‘Bitterly cold’ snowstorms and subzero temperatures to hit UK this week

Brits have been warned of "bitterly cold" temperatures with more snow expected to fall this week.

Storm Darcy has swept across the British Isles in recent days – sending temperatures plunging to minus 10C and blizzards as winds and snow blast in from Russia and Eastern Europe.

Forecasters had warned up to 20 inches of snow could fall in some parts of the UK in a 40-hour storm over the weekend.

The biting winter weather front is being dubbed the Beast from the East 2 – a weather-based sequel to a similar cold snap that gripped the nation in 2018.

Yellow weather warnings for snow are in place for the length of the east coast of England and Scotland

An amber weather warning in place across the East Midlands which predicts "frequent heavy snow showers will lead to some travel disruption today".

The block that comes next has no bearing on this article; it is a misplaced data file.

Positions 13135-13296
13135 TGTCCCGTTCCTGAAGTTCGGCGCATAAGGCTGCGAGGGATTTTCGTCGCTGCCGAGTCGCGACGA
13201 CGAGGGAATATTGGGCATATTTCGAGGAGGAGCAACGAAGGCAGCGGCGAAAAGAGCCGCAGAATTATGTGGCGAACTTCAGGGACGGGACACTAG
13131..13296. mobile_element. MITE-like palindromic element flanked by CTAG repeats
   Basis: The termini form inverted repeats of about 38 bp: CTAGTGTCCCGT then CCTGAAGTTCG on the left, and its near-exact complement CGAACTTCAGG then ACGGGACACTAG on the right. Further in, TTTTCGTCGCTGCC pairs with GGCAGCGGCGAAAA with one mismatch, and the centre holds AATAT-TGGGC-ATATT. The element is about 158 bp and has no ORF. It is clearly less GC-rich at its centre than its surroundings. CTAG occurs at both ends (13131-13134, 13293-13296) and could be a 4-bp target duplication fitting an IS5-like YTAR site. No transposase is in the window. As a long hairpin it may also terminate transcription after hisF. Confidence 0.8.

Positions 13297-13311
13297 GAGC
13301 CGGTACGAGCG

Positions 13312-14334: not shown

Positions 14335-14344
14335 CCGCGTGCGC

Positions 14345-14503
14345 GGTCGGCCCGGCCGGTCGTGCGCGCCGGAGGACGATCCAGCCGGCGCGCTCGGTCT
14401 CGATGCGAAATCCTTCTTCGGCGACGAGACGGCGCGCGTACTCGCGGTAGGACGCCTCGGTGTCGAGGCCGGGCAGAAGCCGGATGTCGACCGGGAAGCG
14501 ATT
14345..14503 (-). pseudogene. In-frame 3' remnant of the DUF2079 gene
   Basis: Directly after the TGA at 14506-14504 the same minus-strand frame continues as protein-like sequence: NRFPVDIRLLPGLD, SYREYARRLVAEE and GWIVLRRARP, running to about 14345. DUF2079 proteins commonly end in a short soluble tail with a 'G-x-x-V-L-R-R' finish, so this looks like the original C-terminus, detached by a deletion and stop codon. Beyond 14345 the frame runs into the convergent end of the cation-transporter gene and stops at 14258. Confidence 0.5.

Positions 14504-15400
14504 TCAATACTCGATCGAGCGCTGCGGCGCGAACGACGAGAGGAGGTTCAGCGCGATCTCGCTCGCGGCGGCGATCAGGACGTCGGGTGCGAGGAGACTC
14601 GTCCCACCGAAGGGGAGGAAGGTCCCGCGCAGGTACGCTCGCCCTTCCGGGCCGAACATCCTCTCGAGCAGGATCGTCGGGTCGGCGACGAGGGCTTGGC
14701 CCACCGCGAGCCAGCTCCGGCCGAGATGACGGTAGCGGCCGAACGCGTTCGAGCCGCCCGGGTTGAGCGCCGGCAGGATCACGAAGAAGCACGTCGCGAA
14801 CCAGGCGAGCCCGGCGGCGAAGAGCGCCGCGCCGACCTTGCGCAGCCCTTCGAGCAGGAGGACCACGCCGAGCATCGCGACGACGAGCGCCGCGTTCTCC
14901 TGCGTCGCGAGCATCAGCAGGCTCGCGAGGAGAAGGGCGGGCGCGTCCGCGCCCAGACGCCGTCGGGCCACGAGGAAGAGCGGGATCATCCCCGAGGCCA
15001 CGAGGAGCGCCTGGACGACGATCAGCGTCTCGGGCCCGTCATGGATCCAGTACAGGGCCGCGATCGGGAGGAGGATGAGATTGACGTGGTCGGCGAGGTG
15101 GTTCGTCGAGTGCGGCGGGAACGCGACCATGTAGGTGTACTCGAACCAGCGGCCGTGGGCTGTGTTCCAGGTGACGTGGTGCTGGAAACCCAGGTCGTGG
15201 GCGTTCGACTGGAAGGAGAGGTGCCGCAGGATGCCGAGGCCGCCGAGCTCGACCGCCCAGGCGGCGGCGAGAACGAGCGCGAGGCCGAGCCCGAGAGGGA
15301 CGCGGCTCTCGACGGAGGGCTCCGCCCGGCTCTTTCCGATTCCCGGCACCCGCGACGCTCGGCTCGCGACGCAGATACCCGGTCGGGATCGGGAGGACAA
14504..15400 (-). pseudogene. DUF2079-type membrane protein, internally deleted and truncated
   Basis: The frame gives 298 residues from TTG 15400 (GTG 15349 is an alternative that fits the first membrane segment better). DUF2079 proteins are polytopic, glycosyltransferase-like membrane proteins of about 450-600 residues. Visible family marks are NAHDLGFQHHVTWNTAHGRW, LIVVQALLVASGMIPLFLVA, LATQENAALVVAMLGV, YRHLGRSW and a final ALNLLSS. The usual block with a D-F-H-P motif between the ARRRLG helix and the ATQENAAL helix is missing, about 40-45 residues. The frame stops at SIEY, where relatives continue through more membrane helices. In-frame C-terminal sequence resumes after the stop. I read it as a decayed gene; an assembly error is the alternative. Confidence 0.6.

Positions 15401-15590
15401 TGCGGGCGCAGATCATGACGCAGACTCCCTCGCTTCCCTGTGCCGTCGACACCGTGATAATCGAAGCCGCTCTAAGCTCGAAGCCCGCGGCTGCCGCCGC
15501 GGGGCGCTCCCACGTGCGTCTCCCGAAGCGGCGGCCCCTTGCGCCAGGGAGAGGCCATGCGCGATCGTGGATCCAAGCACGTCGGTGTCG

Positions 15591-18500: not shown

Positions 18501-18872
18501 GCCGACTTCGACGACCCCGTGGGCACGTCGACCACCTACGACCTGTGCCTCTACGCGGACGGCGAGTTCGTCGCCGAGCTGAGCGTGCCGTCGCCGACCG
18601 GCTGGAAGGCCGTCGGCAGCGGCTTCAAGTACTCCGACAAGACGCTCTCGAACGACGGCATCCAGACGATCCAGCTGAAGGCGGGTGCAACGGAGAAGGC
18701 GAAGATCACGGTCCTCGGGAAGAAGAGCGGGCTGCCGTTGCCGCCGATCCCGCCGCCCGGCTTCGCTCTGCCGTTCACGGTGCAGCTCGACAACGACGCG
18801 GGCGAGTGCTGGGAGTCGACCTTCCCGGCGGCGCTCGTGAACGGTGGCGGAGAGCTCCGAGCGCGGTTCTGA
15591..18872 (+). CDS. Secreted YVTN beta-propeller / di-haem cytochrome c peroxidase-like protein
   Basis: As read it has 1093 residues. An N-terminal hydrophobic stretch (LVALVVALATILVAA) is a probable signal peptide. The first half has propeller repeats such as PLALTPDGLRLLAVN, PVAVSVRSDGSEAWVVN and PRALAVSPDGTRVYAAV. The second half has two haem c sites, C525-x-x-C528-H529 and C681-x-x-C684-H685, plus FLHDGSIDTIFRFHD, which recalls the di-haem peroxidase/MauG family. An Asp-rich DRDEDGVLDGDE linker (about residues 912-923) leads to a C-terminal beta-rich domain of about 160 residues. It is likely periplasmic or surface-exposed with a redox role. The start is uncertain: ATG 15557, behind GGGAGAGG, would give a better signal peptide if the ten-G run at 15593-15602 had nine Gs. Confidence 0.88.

While significant snowfall is also anticipated in parts of Norfolk, Suffolk, Essex and Kent.

The South East of Northern Ireland also has a yellow warning in place for snow and ice.

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The Met Office forecast for Monday says: "Strong easterly winds will make it feel bitterly cold across much of the UK, with further snow showers feeding westwards.

"These showers merging into some longer spells of snow over some eastern areas, whilst always drier and brighter further west."

In its forecast for Monday night, it adds: "Some clear intervals, but often a good deal of cloud giving a few light snow showers in the west, but more frequent and heavier in eastern areas."

On Tuesday, the Met Office predicts: "Further snow showers in the east, frequent and heavy in central Scotland. Many western parts dry with some sunshine, but very cold again. Windy in the south."

Public Health England also issued a cold weather alert for all of England from Sunday through to Wednesday.

Dr Owen Landeg, of PHE, said: "Cold weather isn't just uncomfortable, it can have a serious impact on health.

"For older people and those with heart and lung problems, it can increase the risks of heart attacks, strokes and chest infections.

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